A recent case in Haryana confirms that abetment to suicide is a very dubious section. In many cases, causes of suicide are psychological and societal and should be dealt with accordingly and legal tests should be used before prosecution.
By Rajbir Deswal
A woman superintendent of police and two other policemen have been booked for abetting suicide of a former corporator of the BJP, in Panipat, Haryana. The unprecedented happening, portending larger implications on the state police, has been described by VN Rai, a former director at the National Police Academy, Hyderabad, who retired from the rank of DGP in Haryana police, as “complete failure of police leadership in the state.” He adds: “To my mind, booking their own district SP by criminalising a lawful act of the police, is not just an act of surrender to political expediency (the person committing suicide was a member of the ruling party) but also a show of professional bankruptcy on the part of police leadership.”
It is very rare that the top officer of a police district is booked in the selfsame jurisdiction of which he or she is in charge. Naturally then, the issue is going to have far-reaching consequences in the police working system and procedures. The Haryana police has booked Panipat Superintendent of Police (SP) Manisha Choudhary and two other officials, Sub-Inspector Baljit Singh and ASI Mahabir Singh, for allegedly abetting the suicide of the former municipal councillor on a complaint given by the deceased Harish Sharma’s daughter. The case has been registered under Sections 306 and 34 of the Indian Penal Code.
Section 306 lays down punishment for compelling someone to commit suicide while Section 34 spells out details about the common intention of all the accused persons in furtherance of an alleged crime.
The deceased Harish Sharma had jumped into a canal after being allegedly harassed by police in connection with a case. Additional Director General of Police, Rohtak, Sandeep Khirwar is reported to be investigating the case further.
Sharma was checked by the police for selling firecrackers at a stall despite the ban, this Diwali. Audaciously enough, as is confirmed by videos that went viral showing the incident, Sharma admitted to the ownership of the banned material and also admitted to its sale at the spot. He not only misbehaved with the policemen, but also allegedly grappled with them and pushed them (as is seen in videos). Later, fearing police action and arrest, he jumped into a canal, and his body was recovered on the third day. His supporters blocked National Highway number 44 after which on the complaint of his daughter, a criminal case was registered against the SP and other policemen. The deceased is alleged to have some cases registered against him in the past, of which half have reportedly been compromised.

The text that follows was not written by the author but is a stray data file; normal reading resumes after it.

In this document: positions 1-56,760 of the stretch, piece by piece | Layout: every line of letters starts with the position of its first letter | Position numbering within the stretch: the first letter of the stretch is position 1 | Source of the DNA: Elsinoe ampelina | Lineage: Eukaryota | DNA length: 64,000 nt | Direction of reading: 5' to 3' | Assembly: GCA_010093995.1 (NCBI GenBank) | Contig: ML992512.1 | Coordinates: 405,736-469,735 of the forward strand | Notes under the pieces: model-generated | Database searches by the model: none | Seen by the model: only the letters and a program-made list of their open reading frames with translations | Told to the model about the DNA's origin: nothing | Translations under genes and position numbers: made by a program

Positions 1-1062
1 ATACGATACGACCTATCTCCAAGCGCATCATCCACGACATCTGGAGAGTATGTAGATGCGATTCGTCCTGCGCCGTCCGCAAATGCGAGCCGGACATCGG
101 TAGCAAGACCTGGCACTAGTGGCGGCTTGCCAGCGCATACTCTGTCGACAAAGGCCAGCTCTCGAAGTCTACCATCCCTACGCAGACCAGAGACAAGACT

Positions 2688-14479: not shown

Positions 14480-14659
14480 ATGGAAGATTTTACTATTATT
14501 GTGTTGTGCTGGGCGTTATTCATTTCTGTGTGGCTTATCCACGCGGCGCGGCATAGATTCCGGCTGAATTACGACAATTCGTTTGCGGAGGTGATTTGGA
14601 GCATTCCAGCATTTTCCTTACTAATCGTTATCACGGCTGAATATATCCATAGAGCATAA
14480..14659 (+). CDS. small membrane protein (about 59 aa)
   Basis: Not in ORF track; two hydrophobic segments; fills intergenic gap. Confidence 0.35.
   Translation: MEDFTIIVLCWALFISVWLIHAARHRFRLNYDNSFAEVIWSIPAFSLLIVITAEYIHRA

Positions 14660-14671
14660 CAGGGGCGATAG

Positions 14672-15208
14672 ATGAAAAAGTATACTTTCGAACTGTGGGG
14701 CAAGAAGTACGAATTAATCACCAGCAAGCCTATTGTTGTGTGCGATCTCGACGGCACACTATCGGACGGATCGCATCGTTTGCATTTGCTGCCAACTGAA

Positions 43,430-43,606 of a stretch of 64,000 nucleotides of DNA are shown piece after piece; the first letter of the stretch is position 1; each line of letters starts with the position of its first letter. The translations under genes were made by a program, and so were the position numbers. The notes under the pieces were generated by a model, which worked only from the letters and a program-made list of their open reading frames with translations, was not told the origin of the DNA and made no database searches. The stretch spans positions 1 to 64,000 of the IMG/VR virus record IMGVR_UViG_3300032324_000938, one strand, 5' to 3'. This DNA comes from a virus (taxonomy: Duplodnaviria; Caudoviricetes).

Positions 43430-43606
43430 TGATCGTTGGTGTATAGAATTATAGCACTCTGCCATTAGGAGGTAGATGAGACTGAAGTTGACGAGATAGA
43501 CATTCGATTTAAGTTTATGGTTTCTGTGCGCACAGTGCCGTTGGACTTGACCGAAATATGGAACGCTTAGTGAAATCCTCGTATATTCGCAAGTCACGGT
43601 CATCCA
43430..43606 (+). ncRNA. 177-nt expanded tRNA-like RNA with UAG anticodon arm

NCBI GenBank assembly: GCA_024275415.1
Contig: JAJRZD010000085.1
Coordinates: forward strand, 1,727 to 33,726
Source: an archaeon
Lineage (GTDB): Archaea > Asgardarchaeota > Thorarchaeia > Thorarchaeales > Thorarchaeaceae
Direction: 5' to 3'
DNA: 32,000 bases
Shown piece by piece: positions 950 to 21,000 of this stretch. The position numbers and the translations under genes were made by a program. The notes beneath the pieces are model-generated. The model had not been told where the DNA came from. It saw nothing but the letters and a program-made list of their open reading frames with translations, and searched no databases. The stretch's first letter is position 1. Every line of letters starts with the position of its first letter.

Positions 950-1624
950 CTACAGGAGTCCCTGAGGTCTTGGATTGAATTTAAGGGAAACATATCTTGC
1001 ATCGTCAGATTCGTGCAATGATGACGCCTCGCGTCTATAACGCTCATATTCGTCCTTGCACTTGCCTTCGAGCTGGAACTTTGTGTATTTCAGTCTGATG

Many feel that abetment to suicide is a very dubious Section. Even in the best of circumstances, it is anarchic and does not exist anywhere in the world. The causes of suicide are psychological and societal and should be dealt with accordingly. Naturally then, the police and other enforcement agencies have a difficult job to do to reach the truth in any particular case.
Another view is that action taken in the course of duty should not be criminalised unless a clear mala fide intention is discovered and established. This writer when under a Police Executive Programme in Cambridge University had learnt that in England, and many other countries, the Attorney has the powers not to send a case for trial if there isn’t enough cogent evidence, even in the most heinous crimes. While we in India buckle under political and other pressures to make the noose fit on all, even if prima facie people were found innocent.
A more lucid understanding of “abetment to suicide” should straighten the record. Section 306, which deals with “abetment of suicide”, says: “If any person commits suicide, whoever abets the commission of such suicide, shall be punished with imprisonment of either description for a term which may extend to ten years, and shall also be liable to fine.”
Section 107, which deals with “abetment of a thing”, says: “A person abets the doing of a thing, who—
First, instigates any person to do that thing; or
Secondly, engages with one or more other person or persons in any conspiracy for the doing of that thing, if an act or illegal omission takes place in pursuance of that conspiracy, and in order to the doing of that thing; or
Thirdly, intentionally aids, by any act or illegal omission, the doing of that thing.”